For nearly a millennium, eight simple notes cast a fearful pall over Europe. Why? Because they start a 13th-century Gregorian chant called the "Dies irae." Its text, "Day of wrath! O day of mourning! See fulfilled the prophets' warning, Heaven and earth in ashes burning!" cut to the heart of a populace constantly reminded of the horrifying threat of hell and the coming of an apocalypse. Its inclusion in the Roman Catholic requiem Mass cemented its association with death and the potential terror of judgment day. Composer after composer quoted it in music as the specter of death, famously in Berlioz's "Symphonie Fantastique" (1830) and potently in Verdi's "Requiem" (1874).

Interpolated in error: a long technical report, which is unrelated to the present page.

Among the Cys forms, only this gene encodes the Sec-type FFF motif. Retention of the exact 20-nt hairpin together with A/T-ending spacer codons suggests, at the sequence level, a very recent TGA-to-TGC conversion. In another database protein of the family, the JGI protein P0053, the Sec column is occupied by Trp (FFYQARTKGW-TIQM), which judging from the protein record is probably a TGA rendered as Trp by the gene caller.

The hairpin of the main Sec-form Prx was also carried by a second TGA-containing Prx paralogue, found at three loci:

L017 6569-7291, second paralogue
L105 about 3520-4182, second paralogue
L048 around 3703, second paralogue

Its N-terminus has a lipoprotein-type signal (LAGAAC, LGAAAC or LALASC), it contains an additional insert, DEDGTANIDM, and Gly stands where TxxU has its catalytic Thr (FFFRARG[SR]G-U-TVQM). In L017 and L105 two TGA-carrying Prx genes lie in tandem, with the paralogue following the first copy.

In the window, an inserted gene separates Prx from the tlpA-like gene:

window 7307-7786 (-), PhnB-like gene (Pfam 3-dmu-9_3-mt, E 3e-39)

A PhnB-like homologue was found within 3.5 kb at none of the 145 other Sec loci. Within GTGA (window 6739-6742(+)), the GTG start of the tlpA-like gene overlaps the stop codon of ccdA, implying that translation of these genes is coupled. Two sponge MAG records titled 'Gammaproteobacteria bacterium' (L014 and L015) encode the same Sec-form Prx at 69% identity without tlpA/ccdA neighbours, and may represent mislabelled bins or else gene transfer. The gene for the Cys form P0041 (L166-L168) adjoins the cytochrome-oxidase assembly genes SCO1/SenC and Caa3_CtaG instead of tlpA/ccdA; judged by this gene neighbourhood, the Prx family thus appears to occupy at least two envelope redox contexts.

For other works, a later context can change the entire meaning of a work. Bach's famous organ composition, the Toccata and Fugue in D minor, can't be heard today as anything other than spooky and haunting. But it was just a work, if unusual for organ music of the 1700s, before its use in films such as "Dr. Jekyll and Mr. Hyde" (1931) and "Tales From the Crypt" (1972), and musicals such as "The Phantom of the Opera" and, to some degree, "Fantasia."
If we could somehow listen to music without knowing its context, it probably wouldn't be frightening in the least. Without their titles, would Saint-Saens' "Dance Macabre," Mussorgsky's "Night on Bald Mountain" and "Baba Yaga" be scary, or simply boisterous or even intriguing? Even the Theremin gained its spooky and alien association later. Artists such as Clara Rockmore performed classical music with it in the decade after the Russian Leon Theremin invented the electronic instrument in 1920.